Online Archive  
Issue 6 - June 1972
Everybody's Baby
Although the magnitude of the population problem is widely recognised, most people have come to accept it as a fact of life, and have largely ceased to think about it. That is why constant reminders of the situation are necessary and I hope this mention serves towards that end.

There are many different aspects to this problem, such as the nature of growth of world population, the relationship of population growth and food supplies and the economic and social implications among others. But in this article, I will deal with contraception because when it comes to the crux of the matter, it is whether we are not going to limit our families which will dictate future population figures.

Take a look at the graph and ask yourself if we can afford to allow these figures to continue rising indefinitely. We all have a part to play in this matter and action must come now. We must not think of ourselves, but of future generations. When considering the actual methods of contraception available today, it is important to realise that no single method is yet suitable for every couple or situation. New methods are needed, especially for the male. An alternation of method between husband and wife would prevent or reduce long-term hazards of contraceptive methods to either one of them.

The ideal contraceptive must be safe, acceptable, remote from intercourse, easy to use, cheap and readily available. Present day methods meet some of these requirements, but even the ideal contraceptive will require motivation on the part of the user. Set out in the table are the most widely used and readily available contraceptives. But as can be seen in the table, contraception is mostly left to the woman.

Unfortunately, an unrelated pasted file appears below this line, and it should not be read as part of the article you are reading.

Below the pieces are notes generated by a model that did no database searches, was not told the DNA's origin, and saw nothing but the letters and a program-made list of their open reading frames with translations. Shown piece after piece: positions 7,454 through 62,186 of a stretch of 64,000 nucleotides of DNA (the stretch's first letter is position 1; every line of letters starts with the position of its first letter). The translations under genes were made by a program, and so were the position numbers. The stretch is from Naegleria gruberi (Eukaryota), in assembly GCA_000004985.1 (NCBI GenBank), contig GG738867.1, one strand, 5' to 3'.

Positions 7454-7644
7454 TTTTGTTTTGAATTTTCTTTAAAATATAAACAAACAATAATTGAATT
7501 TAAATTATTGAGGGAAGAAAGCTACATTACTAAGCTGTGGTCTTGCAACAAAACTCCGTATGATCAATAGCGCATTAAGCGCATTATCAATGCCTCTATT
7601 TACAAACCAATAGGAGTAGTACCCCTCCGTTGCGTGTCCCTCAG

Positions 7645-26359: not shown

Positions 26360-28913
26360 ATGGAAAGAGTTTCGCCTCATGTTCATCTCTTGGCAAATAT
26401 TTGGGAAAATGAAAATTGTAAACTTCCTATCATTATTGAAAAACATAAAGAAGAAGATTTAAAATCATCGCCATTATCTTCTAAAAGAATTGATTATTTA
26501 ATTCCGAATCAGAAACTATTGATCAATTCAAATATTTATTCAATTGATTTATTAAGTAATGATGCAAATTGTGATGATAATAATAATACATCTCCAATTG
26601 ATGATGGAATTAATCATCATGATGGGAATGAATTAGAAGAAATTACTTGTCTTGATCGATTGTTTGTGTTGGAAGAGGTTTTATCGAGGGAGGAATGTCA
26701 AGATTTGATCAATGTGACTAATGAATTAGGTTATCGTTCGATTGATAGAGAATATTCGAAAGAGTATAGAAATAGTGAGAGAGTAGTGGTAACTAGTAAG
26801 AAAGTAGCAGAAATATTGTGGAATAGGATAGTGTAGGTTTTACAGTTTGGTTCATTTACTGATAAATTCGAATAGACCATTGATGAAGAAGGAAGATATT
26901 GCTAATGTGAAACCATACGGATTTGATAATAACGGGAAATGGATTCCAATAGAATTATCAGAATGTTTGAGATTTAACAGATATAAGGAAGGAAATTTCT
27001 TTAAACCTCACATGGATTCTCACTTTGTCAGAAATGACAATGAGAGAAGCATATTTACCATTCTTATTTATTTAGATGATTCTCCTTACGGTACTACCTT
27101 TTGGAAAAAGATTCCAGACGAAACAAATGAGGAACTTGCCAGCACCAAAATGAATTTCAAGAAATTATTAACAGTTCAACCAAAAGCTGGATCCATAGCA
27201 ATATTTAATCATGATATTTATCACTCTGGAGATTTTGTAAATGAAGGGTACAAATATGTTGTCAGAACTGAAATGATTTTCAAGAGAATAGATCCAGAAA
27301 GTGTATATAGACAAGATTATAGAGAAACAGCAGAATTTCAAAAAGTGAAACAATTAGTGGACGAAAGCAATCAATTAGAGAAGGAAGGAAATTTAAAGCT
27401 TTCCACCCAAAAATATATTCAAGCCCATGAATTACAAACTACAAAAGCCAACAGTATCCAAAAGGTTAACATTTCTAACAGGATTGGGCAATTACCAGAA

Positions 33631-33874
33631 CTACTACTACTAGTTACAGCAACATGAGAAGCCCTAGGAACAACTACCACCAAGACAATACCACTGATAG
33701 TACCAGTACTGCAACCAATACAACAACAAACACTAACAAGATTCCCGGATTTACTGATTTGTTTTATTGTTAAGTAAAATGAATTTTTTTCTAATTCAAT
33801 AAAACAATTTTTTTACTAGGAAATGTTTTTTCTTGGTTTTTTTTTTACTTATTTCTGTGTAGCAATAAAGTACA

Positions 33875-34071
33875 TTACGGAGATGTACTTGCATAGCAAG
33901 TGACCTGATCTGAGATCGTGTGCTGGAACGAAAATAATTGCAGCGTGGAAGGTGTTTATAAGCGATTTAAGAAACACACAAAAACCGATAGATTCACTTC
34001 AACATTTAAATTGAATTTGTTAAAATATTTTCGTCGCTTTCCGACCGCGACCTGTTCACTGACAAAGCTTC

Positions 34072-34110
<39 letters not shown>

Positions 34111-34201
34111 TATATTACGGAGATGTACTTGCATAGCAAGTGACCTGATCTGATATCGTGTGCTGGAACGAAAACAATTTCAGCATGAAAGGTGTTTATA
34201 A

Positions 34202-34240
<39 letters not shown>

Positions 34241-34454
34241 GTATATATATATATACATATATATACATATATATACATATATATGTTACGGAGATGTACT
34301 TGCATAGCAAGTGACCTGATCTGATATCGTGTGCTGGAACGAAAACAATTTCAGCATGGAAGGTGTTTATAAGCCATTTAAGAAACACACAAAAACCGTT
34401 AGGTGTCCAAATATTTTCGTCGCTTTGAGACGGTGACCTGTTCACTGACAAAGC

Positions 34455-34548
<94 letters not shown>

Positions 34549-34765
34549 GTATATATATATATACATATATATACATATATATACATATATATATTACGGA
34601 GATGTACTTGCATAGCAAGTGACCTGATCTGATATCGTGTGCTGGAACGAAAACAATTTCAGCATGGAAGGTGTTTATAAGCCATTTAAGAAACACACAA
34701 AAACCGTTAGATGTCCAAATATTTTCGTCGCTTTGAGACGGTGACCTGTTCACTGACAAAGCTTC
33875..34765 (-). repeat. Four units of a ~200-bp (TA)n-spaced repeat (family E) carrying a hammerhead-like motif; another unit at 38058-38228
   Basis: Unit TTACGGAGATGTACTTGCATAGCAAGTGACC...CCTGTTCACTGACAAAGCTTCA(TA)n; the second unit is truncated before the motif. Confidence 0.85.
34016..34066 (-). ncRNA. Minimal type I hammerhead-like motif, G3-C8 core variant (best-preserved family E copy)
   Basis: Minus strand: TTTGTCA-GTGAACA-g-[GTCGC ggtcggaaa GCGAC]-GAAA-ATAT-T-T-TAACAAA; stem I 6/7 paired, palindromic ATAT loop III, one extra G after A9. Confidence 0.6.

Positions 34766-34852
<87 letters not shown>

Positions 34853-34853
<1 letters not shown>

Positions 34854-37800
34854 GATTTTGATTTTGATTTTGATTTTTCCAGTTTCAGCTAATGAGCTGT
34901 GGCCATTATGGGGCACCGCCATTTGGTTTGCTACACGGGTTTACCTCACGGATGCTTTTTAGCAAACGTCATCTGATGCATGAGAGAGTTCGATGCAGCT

Contraception is the best way of preventing an unwanted baby
It's very important to choose the method that suits you best
  What is it? How it works Advantages Disadvantages Where can you get or buy it?

French letter.(or condom)

A thin covering of rubber which is fitted over penis Sperms prevented from reaching womb Easy to obtain. Easy to use. Both partners will know a contraceptive is being used. Offers some protection against VD infection Has been known to slip off Most chemists, barbers' shops, or by mail, or your local family planning clinic
Pill Pills containing oestrogen and progestogen Pills taken daily prevent woman from producing her monthly egg cell (ovulation) Easy to use Needs prescription. Sometimes unpleasant side effects Requires a prescription from family doctor or family planning clinic doctor
Cap (together with spermicidal cream or jelly) Rubber cap which fits over entrance to womb Prevents male sperm from entering womb No interference with enjoyment Must be inserted before intercourse Has to be fitted initially by a family doctor or family planning clinic doctor
Coil or Loop (intra uterine devices - IUD) A small flexible coil or loop which is inserted into the uterus Presence of device in womb stops fertilised monthly egg cells from being implanted Once inserted can be forgotten until time for once a year check-up Temporary discomfort. Not advised before woman has had a pregnancy Family planning clinic or family doctor. Must be inserted by a doctor

Contraceptive Chemical Barriers

1) Aerosol contraceptive foam only chemical barrier recommended for use on its own) Foaming cream in aerosol can Foam sprayed into vagina to form a chemical barrier through which sperms cannot move Easy to obtain. No prescription necessary Must be used before intercourse. Bit messy Family planning clinics and chemists
2) Creams, jellies, pastes, soluble tablets and pessaries (only recommended for use with cap or french letter) Chemicals which are inserted into vagina The chemical immobilises sperms or kills them in the vagina Cheap. No prescription necessary Should only be used with a cap or french letter Family planning clinics and chemists
Sterilization Surgical operation (known as vasectomy for men) Makes it impossible for male to produce sperm and for a woman to produce egg cell A simple operation. The most effective permanent method. Need not worry about any other birth control precaution. Does not interfere with sex life You can't change your mind about having no more children Your family doctor will advise